Five Parisian cafes will find out on Tuesday whether they broke the law by allowing smoking, as reports suggest the law is being broken more and more.

"/> Five Parisian cafes will find out on Tuesday whether they broke the law by allowing smoking, as reports suggest the law is being broken more and more.

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SMOKING

Smoking in bars and cafes on the increase

Five Parisian cafes will find out on Tuesday whether they broke the law by allowing smoking, as reports suggest the law is being broken more and more.

Smoking in bars and cafes on the increase
Ta Duc

Non-smoking organisation Droit des Non-Fumeurs (DNF) brought the action against five establishments that let smokers puff away in covered terraces.

Terraces that are covered in plastic during the winter are a common sight in Paris and most bars allow smoking on them.

A smoking ban was introduced in cafes, bars and restaurants on January 1st 2008, yet more places appear to be ignoring the rules.

A cafe in central Paris was closed down for ten days two weeks ago after a surprise police check discovered patrons smoking and ashtrays on tables.

“The number of complaints we receive is colossal,” said Gérard Audureau, president of DNF.

The five cafes to have been charged are all situated on major boulevards in Paris.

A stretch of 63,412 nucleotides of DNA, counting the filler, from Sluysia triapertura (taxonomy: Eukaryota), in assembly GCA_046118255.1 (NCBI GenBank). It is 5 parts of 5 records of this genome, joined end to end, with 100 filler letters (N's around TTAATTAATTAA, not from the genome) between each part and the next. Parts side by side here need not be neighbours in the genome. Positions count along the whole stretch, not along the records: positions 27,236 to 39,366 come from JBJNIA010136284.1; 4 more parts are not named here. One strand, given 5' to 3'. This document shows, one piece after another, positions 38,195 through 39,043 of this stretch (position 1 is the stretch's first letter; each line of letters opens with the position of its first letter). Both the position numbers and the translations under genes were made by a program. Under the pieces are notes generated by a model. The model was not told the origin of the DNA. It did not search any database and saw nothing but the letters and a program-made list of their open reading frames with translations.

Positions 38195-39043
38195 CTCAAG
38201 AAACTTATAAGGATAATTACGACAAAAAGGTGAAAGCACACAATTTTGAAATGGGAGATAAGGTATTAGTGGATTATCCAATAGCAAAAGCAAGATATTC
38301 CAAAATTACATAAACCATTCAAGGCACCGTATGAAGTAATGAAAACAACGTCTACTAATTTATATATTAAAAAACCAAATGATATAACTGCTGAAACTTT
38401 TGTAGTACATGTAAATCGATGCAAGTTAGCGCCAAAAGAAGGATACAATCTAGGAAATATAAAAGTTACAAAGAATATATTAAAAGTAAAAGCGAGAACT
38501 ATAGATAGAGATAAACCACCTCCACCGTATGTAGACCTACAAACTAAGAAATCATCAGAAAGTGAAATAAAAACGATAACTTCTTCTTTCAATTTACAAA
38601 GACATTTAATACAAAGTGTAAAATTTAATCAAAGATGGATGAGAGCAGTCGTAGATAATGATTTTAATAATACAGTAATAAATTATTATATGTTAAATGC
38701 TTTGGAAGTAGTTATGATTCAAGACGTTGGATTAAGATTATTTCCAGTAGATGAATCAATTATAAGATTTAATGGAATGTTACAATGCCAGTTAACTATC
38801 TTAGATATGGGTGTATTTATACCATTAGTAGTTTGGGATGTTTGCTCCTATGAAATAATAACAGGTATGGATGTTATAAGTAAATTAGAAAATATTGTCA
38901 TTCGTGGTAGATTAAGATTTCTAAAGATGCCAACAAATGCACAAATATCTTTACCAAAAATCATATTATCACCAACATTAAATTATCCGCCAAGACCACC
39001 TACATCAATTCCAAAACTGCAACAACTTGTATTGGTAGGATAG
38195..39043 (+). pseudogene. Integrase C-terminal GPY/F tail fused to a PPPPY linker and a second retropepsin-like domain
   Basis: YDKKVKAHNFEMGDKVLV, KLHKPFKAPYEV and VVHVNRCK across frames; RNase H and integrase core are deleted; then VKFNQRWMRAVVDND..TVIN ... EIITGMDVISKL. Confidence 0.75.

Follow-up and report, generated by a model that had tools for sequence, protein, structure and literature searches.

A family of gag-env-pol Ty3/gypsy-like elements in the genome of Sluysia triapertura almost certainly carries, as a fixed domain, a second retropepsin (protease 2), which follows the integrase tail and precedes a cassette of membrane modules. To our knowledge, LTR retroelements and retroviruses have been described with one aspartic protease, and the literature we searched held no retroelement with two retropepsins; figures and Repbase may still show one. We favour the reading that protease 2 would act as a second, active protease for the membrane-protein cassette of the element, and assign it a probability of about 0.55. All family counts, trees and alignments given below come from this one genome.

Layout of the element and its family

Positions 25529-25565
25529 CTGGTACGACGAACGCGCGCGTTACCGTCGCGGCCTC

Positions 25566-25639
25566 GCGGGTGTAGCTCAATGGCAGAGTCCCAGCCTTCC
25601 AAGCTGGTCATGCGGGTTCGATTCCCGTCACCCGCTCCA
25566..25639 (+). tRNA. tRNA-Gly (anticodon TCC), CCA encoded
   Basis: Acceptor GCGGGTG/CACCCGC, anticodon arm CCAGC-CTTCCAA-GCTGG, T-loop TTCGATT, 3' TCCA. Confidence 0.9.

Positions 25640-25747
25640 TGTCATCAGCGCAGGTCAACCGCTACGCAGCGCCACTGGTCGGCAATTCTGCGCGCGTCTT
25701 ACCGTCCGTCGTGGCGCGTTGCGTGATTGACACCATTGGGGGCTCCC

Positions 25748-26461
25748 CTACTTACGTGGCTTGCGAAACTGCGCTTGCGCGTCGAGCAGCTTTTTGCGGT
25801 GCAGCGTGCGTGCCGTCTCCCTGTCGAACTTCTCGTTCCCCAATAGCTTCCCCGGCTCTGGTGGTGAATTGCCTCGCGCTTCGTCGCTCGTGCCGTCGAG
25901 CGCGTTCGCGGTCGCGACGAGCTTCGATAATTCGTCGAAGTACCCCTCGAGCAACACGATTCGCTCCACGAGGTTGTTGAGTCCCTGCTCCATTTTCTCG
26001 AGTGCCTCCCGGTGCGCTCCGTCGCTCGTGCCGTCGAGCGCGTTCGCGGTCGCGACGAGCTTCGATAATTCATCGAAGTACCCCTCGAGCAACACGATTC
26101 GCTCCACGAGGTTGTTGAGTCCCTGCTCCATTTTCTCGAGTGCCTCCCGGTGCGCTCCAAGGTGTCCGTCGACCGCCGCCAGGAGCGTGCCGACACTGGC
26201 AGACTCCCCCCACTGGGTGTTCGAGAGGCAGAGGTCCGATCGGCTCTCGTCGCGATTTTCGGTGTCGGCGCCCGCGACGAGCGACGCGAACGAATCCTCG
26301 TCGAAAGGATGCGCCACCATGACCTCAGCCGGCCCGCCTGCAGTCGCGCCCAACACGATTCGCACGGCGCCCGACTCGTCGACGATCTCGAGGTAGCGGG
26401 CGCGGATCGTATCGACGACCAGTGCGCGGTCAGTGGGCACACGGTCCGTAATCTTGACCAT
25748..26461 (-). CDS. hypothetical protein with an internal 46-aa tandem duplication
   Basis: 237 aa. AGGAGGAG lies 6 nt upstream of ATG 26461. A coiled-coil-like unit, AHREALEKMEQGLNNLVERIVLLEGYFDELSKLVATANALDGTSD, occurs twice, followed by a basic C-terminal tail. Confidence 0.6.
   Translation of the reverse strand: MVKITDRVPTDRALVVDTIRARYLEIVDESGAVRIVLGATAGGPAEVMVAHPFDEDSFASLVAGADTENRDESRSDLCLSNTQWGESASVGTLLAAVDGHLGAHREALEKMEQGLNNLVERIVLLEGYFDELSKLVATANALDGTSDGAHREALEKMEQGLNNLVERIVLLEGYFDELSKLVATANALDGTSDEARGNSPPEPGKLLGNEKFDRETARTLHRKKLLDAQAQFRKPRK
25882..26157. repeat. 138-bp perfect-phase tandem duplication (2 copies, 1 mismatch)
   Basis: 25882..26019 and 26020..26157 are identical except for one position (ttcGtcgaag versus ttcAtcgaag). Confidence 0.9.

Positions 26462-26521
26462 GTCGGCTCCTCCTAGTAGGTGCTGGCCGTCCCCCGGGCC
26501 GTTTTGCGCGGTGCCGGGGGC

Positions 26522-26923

“Smoking is increasing indoors as a result of the tolerance shown on terraces,” said Audureau.

“Bit by bit, customers go from the terrace inside the bar, cigarette on the go, and old habits come back with the agreement of cafe owners.”

DNF has already said it will appeal any decision that lets the five cafes off the hook.

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SMOKING

Marseille becomes latest French city to declares its beaches a no-smoking zone

The French city of Marseille has made its beaches no-smoking zones after a successful trial last summer.

Marseille becomes latest French city to declares its beaches a no-smoking zone
From Saturday, smoking will be banned on Marseille's four main beaches. Photo: AFP

From Saturday, August 15th, smoking will be banned on the city's Borély, Bonneveine, Pointe-Rouge and Prophète beaches until October 31st.

The city ran a trial smoking ban on beaches last summer, but now local authorities are bringing back the ban for the summer season.

 

It joins La Rochelle, where smoking on the beach was banned last year, while several French cities including Paris and Strasbourg have introduced smoking bans in some parks.

Marseille's Premier Adjoint Benoît Payan said that as well as the health problems of passive smoking, especially for children, cigarettes were a pollution hazard.

He tweeted: “Just one cigarette can pollute 500l of water.”

READ ALSO Will park and beach bans lead to France stubbing out its smoking habit?

 

 

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